The wounded waiting for the medevacs

Taken from Texas Tech University.

About Dustoff / Medevac

The Vietnam War posed a unique logistical challenge to the military leaders. The war was fought in triple canopy jungle terrain and bad weather, there were constant guerilla attacks and the front line changed from day to day. Often vehicles traveling on the roads were subject to landmines, ambushes and poor road conditions, and some of the areas where heavy fighting took place were so remote there were no roads. All of these factors posed one major problem for the military. How do they transport the wounded safely and in a timely manner to the aid stations and hospitals for proper medical care? The Army’s medical branch decided to revisit an idea that came about in the Korean War – a helicopter ambulance corps. An idea that was implemented with so much success in Vietnam that in most cases a wounded soldier would be in a hospital receiving medical care within 35 minutes of being wounded.

In April of 1962, the 57th Medical Detachment (Helicopter Ambulance) arrived in Vietnam with five UH-1 “Huey” helicopters. They took the call sign Dustoff. Over time the number of medevac detachments grew in Vietnam until the entire country had coverage and Dustoff became the universal call sign for all medevac missions.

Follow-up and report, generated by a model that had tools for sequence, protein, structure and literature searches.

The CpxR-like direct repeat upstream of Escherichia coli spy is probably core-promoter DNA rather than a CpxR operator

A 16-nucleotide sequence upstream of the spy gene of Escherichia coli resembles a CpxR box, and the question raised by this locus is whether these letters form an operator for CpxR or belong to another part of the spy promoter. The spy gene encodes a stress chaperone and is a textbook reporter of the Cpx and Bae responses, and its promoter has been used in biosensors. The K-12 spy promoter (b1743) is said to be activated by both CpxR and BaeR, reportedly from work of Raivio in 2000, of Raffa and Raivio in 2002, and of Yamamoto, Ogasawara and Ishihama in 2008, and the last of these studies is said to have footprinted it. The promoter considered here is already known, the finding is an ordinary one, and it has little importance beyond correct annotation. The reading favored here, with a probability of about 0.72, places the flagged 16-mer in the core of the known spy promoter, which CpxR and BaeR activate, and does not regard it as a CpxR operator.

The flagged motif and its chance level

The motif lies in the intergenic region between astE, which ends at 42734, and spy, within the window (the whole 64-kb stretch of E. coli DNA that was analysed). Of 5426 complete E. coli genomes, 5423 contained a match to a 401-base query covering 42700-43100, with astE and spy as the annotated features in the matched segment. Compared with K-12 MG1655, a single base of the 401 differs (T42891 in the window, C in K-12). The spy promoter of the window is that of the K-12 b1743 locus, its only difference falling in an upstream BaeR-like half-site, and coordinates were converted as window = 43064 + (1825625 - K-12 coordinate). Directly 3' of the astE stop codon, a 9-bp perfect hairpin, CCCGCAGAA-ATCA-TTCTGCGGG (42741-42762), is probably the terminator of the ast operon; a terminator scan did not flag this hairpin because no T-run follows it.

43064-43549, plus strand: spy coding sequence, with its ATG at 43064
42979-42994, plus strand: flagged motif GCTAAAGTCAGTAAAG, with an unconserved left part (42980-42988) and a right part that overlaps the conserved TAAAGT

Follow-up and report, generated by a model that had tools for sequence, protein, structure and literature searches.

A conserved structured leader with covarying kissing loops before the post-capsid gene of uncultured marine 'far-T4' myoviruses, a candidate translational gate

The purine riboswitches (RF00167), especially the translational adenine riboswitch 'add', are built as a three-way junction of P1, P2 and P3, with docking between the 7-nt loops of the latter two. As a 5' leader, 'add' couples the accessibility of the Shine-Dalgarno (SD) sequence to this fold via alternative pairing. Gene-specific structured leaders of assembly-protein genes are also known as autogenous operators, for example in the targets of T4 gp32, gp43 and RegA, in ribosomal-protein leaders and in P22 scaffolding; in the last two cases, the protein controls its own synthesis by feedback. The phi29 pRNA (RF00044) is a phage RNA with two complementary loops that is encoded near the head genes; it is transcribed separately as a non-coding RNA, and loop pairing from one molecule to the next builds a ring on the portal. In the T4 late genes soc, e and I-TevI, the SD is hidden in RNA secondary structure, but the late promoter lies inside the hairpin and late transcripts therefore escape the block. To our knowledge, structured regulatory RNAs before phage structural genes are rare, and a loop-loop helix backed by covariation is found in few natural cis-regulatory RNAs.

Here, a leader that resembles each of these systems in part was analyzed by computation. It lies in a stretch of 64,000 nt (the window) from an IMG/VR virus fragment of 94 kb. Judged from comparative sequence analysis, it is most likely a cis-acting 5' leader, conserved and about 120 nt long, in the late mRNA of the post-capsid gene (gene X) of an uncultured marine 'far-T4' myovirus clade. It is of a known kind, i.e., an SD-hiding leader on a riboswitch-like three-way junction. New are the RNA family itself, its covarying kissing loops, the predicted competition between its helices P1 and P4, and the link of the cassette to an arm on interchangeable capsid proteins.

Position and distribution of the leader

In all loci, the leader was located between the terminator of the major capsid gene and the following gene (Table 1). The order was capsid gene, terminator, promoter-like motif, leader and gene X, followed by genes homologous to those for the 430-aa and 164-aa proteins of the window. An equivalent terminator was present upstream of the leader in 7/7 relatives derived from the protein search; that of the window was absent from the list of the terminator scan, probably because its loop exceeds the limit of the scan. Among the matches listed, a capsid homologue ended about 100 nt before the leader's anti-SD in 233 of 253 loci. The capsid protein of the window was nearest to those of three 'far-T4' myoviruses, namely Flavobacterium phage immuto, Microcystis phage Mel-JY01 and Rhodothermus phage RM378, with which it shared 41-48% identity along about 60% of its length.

A Dustoff crew consisted of four people: two pilots, a medic and a crew chief. Usually, one pilot would fly the helicopter while the other acted as the aircraft commander. The commander would navigate, monitor all of the radio transmissions, talk to the unit requesting the medevac and would take over flying if the pilot were injured. The medic kept the helicopter stocked with the necessary medical supplies and the crew chief would maintain the helicopter in top working condition. They would both load the patients onto the helicopter and the medic would administer any necessary medical treatment on the way to the hospital, often with the help of the crew chief. The medic and crew chief would stay with a particular helicopter while the pilots were interchangeable between helicopters. These crews saved many lives and were universally respected by all of the soldiers in the war.

Major Charles L. Kelly was the Commanding Officer of the 57th Medical Detachment which was the forerunner of the Vietnam War's medical evacuation units that we referred to as "Dust Off."  He spearheaded the units into what they became famous for, saving lives.

These videos talk about Major Kelly, his prodigy Patrick Brady and the men he commanded.  

DC Wings Over Vietnam The Missions 2of8 Dust Off

Patrick Brady, Medal of Honor, Vietnam War

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